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Improving drainage for Mullum

Drains and pipes are under examination in Mullumbimby to help reduce the risk of flooding and overflow in residential areas that occurs when too much stormwater enters the sewerage system. This is commonly known as inflow and infiltration.

Byron Shire Council’s Water and Sewer team is actively gathering data on dry and wet weather flow rates, overflow events and the health of the pipes and sideline connections from Mullumbimby residences to Council mains.

Six flow meters and two rain gauges were installed on Council mains in December 2018 and visual inspections on sewerage and stormwater connections began in late May 2019.

Camera inspection and non-toxic smoke testing are also occurring in the Mullumbimby CBD area to help identify sources of inflow (stormwater entering the sewer from incorrectly installed pipes or drains).

The smoke testing involves pumping coloured smoke into pipes to identify possible sources of inflow and infiltration. Cracked pipes are identifiable at points where the smoke becomes visible, such as from yards, roof gutters or pipes.

These tests will be carried out by Interflow, a specialist subcontractor to Byron Shire Council.

Jason Stanley, Project Manager Inflow and Infiltration for Byron Shire Council, said the overall goal of the project is to remove stormwater from the sewerage system at Mullumbimby to reduce costs for residents, Council, community and environment.

“Stormwater overflow and localised flooding can damage personal property and homes, which can be costly to residents,” he said.

When stormwater enters the sewer system it adds to the total flow reaching the sewage treatment plant. The excess flow then also increases costs to the community and Council through increased processing and energy costs of the treatment plant to process it. The treatment plant is also placed at risk of becoming overwhelmed.

“Council will be working with individual property owners and residents later in the year to inspect connections from downpipes and rainwater tanks, low lying gully traps, drain openings, manholes and street gutters or swales,” he said.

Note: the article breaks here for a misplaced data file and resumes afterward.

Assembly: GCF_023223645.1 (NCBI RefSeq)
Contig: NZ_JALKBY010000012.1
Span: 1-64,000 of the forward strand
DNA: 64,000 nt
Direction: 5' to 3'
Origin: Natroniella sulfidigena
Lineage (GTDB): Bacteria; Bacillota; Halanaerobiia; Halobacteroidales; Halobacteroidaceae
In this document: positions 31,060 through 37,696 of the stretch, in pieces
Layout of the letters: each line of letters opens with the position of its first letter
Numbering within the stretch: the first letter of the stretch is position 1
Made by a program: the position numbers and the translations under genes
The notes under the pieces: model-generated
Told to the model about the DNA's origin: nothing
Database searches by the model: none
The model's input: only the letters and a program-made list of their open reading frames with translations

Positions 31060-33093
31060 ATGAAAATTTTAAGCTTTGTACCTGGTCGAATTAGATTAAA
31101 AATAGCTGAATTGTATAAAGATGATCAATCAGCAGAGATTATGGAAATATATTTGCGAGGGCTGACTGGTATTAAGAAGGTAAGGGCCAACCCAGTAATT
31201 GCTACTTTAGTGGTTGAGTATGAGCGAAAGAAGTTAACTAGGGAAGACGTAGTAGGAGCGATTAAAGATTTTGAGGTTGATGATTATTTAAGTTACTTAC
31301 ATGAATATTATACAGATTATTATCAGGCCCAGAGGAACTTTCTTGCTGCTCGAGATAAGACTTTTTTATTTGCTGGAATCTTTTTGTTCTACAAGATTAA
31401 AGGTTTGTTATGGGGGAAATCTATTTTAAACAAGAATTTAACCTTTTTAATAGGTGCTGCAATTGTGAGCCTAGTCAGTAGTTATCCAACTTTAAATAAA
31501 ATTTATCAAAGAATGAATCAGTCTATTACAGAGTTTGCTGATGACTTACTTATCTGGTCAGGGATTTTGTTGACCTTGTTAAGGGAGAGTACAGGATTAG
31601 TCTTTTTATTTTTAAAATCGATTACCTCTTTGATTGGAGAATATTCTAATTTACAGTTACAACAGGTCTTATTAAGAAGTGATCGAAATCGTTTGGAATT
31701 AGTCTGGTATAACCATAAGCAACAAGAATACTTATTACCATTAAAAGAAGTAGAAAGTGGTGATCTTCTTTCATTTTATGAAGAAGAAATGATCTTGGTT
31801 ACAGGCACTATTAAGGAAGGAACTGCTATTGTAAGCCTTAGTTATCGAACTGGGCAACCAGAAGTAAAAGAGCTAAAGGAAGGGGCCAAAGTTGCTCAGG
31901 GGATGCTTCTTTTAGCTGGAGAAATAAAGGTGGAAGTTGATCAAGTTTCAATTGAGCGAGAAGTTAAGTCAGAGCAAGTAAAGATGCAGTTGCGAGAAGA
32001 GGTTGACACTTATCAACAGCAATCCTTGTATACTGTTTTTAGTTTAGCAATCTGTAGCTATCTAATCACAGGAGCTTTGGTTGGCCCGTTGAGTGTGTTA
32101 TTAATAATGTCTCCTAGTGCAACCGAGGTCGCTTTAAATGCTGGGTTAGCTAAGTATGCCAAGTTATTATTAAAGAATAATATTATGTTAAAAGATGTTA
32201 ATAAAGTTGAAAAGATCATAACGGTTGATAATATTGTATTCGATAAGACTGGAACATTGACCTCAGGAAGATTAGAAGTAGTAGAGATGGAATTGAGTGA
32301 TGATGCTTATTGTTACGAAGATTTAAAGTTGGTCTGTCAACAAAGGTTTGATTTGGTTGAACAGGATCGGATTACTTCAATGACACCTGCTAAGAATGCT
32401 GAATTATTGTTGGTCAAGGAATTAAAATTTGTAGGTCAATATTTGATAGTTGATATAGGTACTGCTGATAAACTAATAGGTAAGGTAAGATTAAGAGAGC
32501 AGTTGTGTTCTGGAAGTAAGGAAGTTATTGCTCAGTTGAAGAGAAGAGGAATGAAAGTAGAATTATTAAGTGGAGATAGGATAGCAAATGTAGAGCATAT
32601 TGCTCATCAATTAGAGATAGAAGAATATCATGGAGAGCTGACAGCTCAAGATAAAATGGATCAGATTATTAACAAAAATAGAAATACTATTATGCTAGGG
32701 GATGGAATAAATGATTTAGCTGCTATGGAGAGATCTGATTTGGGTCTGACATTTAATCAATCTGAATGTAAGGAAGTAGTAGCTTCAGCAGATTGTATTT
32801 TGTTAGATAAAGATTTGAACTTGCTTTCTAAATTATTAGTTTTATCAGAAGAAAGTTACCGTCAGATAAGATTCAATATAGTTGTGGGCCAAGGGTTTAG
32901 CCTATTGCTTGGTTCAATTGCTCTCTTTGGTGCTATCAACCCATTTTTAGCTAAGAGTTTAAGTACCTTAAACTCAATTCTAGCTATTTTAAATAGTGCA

“It’s important we work together to identify improperly connected or outdated house and business surface drains connected to the sewer so that Council can provide infrastructure for the community of Mullumbimby that is not only adequate, but sets the foundation for a longer term sustainable solution.”

Council’s Water and Sewer team is currently working with specialist environmental design and consulting agency, Australian Wetlands Consulting, to consider the benefits of Water Sensitive Urban Design to improve drainage in the town.

“Residents’ desire to maintain the character of Mullumbimby is of paramount importance to us and our team is looking for ways to maintain the heritage look and feel of the town while providing better drainage for private residences and street frontages,” Mr Stanley said.

Council has released a community survey for residents to assist Council in identifying high risk areas affected by inflow and infiltration. Residents will also be advised of inspection dates later this year by house-to-house letter drops and on-site door knocking immediately prior.

You can keep up to date with information and register your interest in Reducing Stormwater in the Sewer project at yoursaybyronshire:

You can complete the survey here.

Categories: stormwater, inflow, infiltration, mullumbimby, sewer, sewerage, sewage, runoff, flooding, drainage, water, water sensitive urban design, residential survey, community survey
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